P 1 ×V 1 =P 2 ×V 2.
Therefore, assuming an ideal gas, the additional volume when the aircraft cabin pressure is at the equivalent of 10,000 feet will be about fifty percent more than the original volume, since the atmospheric pressure will decrease from approximately 14.7 psi to 10 psi. If a container has a volume of one cubic foot, an additional one-half cubic foot will be necessary for expansion in order to maintain the same pressure when in the container. Accordingly, the expandable chamber 18 should be sized according to the size of the shipping compartment 14, the gas within the shipping compartment 14, and the pressure to which the container will be exposed during flight.
The shipping compartment 14 and expandable chamber 18 can be provided within a housing 30. The housing 30 can be of any suitable construction. In the embodiment shown, the housing 30 comprises a top portion 34 and a bottom portion 38. The top portion 34 can contain the expandable chamber 18 and the bottom portion 38 can contain the shipping compartment 14. The expandable chamber 18 can be connected by the conduit 22 to the shipping compartment 14. Other arrangements are possible.
The top portion 34 and the bottom portion 38 can be secured by suitable structure such as locking screws 42. Sealing structure such as an o-ring seal 46 can be provided to complete a hermetic seal between top portion 34 and bottom portion 38. This prevents the incubating gas from escaping in the case where biological materials are being shipped, which would alter the concentration of the incubating gas. This concentration must be maintained to provide optimum shipping conditions for the biological materials. A gas inlet port 35 and gas exit port 37 can be provided to regulate the amount of incubating gas in the shipping container 10. Suitable structure such as caps or valves can be provided to regulate the flow of gas through the ports.
The shipping compartment 14 can have different structure for shipping and retaining different items. In the embodiment shown, the shipping compartment 14 has structure for holding contents such as biological materials. As shown in
In the embodiment shown, bags 50 can be adapted to contain living cells such as Islet of Langerhans cells used for the treatment of diabetes. The transportation of islet cells requires a preservation solution and an incubating gas. Any suitable preservation solution can be used. The preservation solution and biological materials will be sealed within the bags 50, as by a closure 51.
Any suitable incubating gas can be used. A suitable incubating gas is a mixture of O2 and CO2. This gas will expand in the shipping compartment 14 during travel in an airplane at altitude. In this case, gas from the shipping compartment 14 will pass through the conduit 22 into the expandable chamber 18. The expandable chamber 18 will then expand as shown in
It is desirable that the shipping compartment 14 remain level when transporting living cells and organs. There is shown in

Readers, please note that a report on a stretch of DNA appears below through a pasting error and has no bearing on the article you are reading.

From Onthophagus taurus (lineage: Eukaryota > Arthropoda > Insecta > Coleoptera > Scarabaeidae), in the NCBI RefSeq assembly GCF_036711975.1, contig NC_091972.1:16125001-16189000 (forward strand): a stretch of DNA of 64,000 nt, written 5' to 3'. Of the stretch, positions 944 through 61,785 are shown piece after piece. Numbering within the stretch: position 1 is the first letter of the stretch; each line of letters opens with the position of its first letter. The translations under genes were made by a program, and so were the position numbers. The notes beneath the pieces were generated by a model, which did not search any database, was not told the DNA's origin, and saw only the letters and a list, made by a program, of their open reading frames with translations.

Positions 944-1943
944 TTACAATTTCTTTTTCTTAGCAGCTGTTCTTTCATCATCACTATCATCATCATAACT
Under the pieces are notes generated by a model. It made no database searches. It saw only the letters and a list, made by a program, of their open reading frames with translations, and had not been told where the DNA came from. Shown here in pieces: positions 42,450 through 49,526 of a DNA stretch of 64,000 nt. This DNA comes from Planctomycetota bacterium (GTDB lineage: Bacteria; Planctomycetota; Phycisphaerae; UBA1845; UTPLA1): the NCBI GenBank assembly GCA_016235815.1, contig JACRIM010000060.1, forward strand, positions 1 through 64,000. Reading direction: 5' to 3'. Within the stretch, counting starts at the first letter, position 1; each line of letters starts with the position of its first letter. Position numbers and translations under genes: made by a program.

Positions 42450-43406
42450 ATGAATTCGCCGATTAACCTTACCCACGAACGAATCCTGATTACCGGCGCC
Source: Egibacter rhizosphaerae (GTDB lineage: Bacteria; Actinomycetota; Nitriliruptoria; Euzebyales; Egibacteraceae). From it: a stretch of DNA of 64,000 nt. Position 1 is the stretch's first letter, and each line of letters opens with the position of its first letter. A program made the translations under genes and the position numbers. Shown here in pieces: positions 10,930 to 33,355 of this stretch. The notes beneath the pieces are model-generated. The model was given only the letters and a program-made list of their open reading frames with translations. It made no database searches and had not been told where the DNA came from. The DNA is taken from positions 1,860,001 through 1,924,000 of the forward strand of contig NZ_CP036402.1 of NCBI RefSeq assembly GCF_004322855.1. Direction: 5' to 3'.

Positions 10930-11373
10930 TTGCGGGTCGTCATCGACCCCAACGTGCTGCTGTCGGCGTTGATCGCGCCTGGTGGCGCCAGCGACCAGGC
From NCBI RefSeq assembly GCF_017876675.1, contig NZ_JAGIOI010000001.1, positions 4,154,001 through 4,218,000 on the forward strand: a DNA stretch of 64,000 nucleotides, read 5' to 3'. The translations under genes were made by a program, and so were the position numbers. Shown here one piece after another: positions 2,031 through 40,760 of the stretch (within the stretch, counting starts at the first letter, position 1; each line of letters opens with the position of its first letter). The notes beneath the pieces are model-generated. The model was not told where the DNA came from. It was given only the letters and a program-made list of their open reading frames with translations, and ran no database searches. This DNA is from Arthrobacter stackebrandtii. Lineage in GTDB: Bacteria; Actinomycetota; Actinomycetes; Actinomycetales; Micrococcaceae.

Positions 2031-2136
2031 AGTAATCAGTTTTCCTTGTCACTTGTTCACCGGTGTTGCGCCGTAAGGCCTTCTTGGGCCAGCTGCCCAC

The shipping container 10 according to the invention can be manufactured from suitable materials such as metals and plastics. In the case of shipping biological materials, medical grade materials which are sterile are required.
There is shown in
There is shown in
There is shown in
This invention can be embodied in other forms without departing from the spirit or essential attributes thereof and accordingly, reference should be made to the following claims, rather to the foregoing specification, to determine the scope of the invention.
|Cited Patent||Filing date||Publication date||Applicant||Title|
|US4246864||May 9, 1979||Jan 27, 1981||Dragerwerk Aktiengesellschaft||Device for indicating airtightness|
|US4600114 *||Oct 3, 1983||Jul 15, 1986||Dabich Robert M||Thermo expansion compensator|
|US5960708 *||Jun 16, 1998||Oct 5, 1999||Detemple; Donald Edward||Atmospheric controlled shipping container|
|US6019237 *||Apr 6, 1998||Feb 1, 2000||Northrop Grumman Corporation||Modified container using inner bag|
|US6264891 *||May 18, 1999||Jul 24, 2001||Eos Biotechnology, Inc.||Apparatus and method for concurrent chemical synthesis|
|US6566126 *||Jun 22, 2001||May 20, 2003||Fibercell Systems, Inc.||Apparatus and method for growing cells|
|US6593136 *||Jun 16, 2000||Jul 15, 2003||Geo-Centers, Inc.||Culturing cells in a chamber in a stack of chambers|
|FR2086654A5||Title not available|
|GB1305905A||Title not available|
|WO1984001082A1||Sep 7, 1983||Mar 15, 1984||Maritime Protection A S||Condensation eliminator|
|Citing Patent||Filing date||Publication date||Applicant||Title|
|US20080145919 *||Dec 18, 2006||Jun 19, 2008||Franklin Thomas D||Portable organ and tissue preservation apparatus, kit and methods|
|US20100062519 *||Nov 12, 2009||Mar 11, 2010||Franklin Jr Thomas D||Portable organ and tissue preservation apparatus, kit and methods|
|U.S. Classification||435/289.1, 435/809, 220/501, 220/1.5, 435/300.1, 220/495.01, 435/303.1, 435/298.2, 220/23.91, 220/560.03|
|International Classification||B65D81/20, B65D90/32|
|Cooperative Classification||Y10S435/809, B65D81/20|
|Apr 22, 2004||AS||Assignment|
Owner name: BIOREP TECHNOLOGIES, INC., FLORIDA
Free format text: ASSIGNMENT OF ASSIGNORS INTEREST;ASSIGNOR:POO, RAMON E.;REEL/FRAME:015254/0770
Effective date: 20040406
Owner name: UNIVERSITY OF MIAMI, FLORIDA
Free format text: ASSIGNMENT OF ASSIGNORS INTEREST;ASSIGNOR:RICORDI, CAMILLO;REEL/FRAME:015254/0804
Effective date: 20040406
|Jul 2, 2010||FPAY||Fee payment|
Year of fee payment: 4
|Jul 21, 2014||FPAY||Fee payment|
Year of fee payment: 8